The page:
segunda-feira, 1 de dezembro de 2008

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Indians Fight to Save Brazil's Bananal

In 1960, Brazilian President Juscelino Kubitschek fulfilled his dream of building an ultramodern city from scratch at breakneck speed. "Fifty years in five," was his ambitious campaign slogan, and Brasília was built in just half a decade. But among the many things the planners of Brazil's new capital failed to consider was that the land was already occupied territory. The area's indigenous peoples seemed not to figure into the blueprints of the shiny new city.
Now, Brasília's booming real estate industry and its allies in the local government are scheming to takeover the Bananal, a former ranch-turned-sanctuary for members of the Kariri-Xocó, Guajajara, Tuxá, and Fulni-ô indigenous nations living in the city's periphery. Real estate speculators want to pave over the Bananal and build a luxurious development complex to accommodate some 60,000 of Brasília's richest residents on 20 freshly constructed city blocks. Each home is expected to cost around 1.5 million dollars.

Financial speculation in the Brazilian stock market has created a newly wealthy class eager for new high-end digs. The city's designers predicted the Brasília would have 500,000 residents by the year 2000; today, 2.5 million people call the city home. The potential real estate development would continue Brasília's sprawling push into the surrounding cerrado, a fragile high-plains ecosystem that The Nature Conservancy calls "the world's most biologically rich savannah."

With some 220 multi-million-dollar homes in the balance, the Bananal is a potential gold mine in the eyes of developers and the local government. But for the Indians who live in the Bananal, and for the eco-activists who have assumed the fight as their own, there is nothing potential about the wealth of the land. For the indigenous locals, the Bananal's trees, rivers, and crops represent all the development they need. All they want is a land title granting them formal ownership of a swath of old ranchland they have inhabited for the last four decades.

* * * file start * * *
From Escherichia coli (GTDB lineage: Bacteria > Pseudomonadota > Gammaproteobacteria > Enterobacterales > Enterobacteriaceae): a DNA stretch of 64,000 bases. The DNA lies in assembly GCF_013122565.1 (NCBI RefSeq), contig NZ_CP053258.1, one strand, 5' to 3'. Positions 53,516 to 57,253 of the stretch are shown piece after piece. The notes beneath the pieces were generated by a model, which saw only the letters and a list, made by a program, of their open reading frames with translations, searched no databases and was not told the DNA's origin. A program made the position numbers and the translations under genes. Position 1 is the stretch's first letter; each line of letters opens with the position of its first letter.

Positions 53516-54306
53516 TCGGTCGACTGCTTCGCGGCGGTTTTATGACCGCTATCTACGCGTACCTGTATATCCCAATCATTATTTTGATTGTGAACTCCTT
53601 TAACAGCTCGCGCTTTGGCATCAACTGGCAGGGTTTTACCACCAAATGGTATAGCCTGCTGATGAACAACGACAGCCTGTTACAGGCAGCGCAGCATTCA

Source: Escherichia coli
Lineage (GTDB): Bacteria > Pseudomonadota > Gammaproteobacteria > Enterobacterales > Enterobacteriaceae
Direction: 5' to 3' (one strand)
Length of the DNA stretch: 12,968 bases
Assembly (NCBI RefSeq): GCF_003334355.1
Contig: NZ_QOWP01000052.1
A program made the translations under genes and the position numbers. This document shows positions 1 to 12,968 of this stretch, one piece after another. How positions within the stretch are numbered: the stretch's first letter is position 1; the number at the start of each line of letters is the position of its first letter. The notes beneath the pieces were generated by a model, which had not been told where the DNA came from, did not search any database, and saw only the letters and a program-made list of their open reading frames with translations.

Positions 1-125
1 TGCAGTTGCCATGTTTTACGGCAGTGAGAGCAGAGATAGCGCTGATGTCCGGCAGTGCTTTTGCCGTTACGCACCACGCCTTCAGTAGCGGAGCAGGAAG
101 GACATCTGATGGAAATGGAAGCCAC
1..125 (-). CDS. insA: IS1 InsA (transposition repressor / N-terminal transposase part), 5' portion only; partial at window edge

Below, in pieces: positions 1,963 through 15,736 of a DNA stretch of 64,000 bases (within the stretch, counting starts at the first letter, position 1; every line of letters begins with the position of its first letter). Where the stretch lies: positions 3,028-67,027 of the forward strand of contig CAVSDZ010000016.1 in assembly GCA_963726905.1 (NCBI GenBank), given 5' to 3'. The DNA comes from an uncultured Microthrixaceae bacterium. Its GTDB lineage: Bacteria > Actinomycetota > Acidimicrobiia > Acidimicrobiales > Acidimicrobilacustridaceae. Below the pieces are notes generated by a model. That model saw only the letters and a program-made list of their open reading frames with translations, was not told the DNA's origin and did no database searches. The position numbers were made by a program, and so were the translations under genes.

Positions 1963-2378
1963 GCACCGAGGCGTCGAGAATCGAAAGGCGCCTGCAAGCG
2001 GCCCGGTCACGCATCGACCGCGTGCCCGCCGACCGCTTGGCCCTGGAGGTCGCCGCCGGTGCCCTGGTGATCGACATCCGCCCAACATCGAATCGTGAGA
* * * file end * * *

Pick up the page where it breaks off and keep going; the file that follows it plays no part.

Although the Bananal only has some 30 year-round residents, indigenous groups consider the place a spiritual sanctuary. For six months out of the year, more than 100 Indian pilgrims travel to the cerrado for religious ceremonies in the Bananal's so-called Sacred Sanctuary of the Shamans, according to, a website dedicated to preserving the Bananal. The community cultivates subsistence crops, practices craftwork, and maintains spiritual and medicinal traditions passed on by elders.

"The Bananal resistance is very symbolic," says Rafael Moreira of the Cultural Association of Indigenous People, a Brasília-based group marching arm in arm with the indigenous in their struggle for demarcation and autonomy. "It represents a safe place to different Indians who come to the capital in order to fight for their rights, to rest a little, to manifest their religions, their languages… and to organize politically. That's what the government doesn't want, organized Indians so close by."

Moreira sees the push to develop the Bananal as a continuation of more than five centuries of displacement and extermination forced on America's indigenous cultures. In place of Iberian conquistadors, indigenous peoples now face an alphabet soup of powerful corporations and government agencies—TERRACAP, ADEMI, GDF, IBAMA. If these groups get their way, the Northwest Sector Project, as the real estate development is called, will go from the design phase to implementation.